‘Not everybody walks around and thinks “That’s an example of othering or stigmatisation”’: Identity, pedagogic rights and the acquisition of undergraduate sociology-based social science knowledge

Monica McLean, Andrea Abbas, Paul Ashwin

Research output: Contribution to journalArticle

6 Citations (Scopus)

Abstract

This article places itself in conversation with literature about how the experience and outcomes of university education are structured by intersections between social class, ethnicity, gender, age and type of university attended. It addresses undergraduate students’ acquisition of sociological knowledge in four diverse university settings. Basil Bernstein’s concepts of pedagogic identity, pedagogic rights, classification and framing are employed to analyse curriculum and interviews with 31 students over the period of their undergraduate degree. The nature of a sociology-based disciplinary identity is described and illustrated, and it is shown how the formation of this identity gives access to pedagogic rights and the acquisition of valuable capabilities. Addressing the question of whether pedagogic rights are distributed unequally in a stratified university system, it was found that they were not distributed, as might be expected, according to institutional hierarchy. It is argued that the acquisition of university sociological knowledge can disrupt social inequality.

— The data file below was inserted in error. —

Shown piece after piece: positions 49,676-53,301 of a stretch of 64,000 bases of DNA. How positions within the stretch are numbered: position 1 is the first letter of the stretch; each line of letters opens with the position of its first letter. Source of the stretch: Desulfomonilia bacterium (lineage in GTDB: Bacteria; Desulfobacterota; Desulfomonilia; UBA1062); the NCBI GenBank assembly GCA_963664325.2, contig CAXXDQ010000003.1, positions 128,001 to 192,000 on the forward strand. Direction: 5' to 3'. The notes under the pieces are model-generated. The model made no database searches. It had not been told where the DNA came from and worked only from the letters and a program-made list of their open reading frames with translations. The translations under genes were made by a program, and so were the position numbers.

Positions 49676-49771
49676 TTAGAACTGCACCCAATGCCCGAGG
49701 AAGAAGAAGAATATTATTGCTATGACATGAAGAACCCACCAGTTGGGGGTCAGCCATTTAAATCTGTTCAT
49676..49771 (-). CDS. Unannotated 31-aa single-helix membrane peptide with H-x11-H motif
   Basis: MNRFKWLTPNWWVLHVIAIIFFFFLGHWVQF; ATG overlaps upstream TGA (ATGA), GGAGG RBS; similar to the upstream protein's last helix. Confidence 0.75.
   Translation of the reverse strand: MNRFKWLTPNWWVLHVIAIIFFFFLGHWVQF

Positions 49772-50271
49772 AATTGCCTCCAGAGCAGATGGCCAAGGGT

LanguageEnglish
Pages180-197
Number of pages18
JournalTheory and Research in Education
Volume13
Issue number2
Early online date13 Jul 2015
DOIs
StatusPublished - 14 Jul 2015

Fingerprint

stigmatization
pedagogics
sociology
social science
university
university system
university education
social inequality
social class
conversation
ethnicity
student
curriculum
gender
interview
experience

Keywords

  • Basil Bernstein
  • capabilities
  • disciplinary identity
  • pedagogic identity
  • pedagogic rights
  • sociological knowledge
  • university education

Cite this

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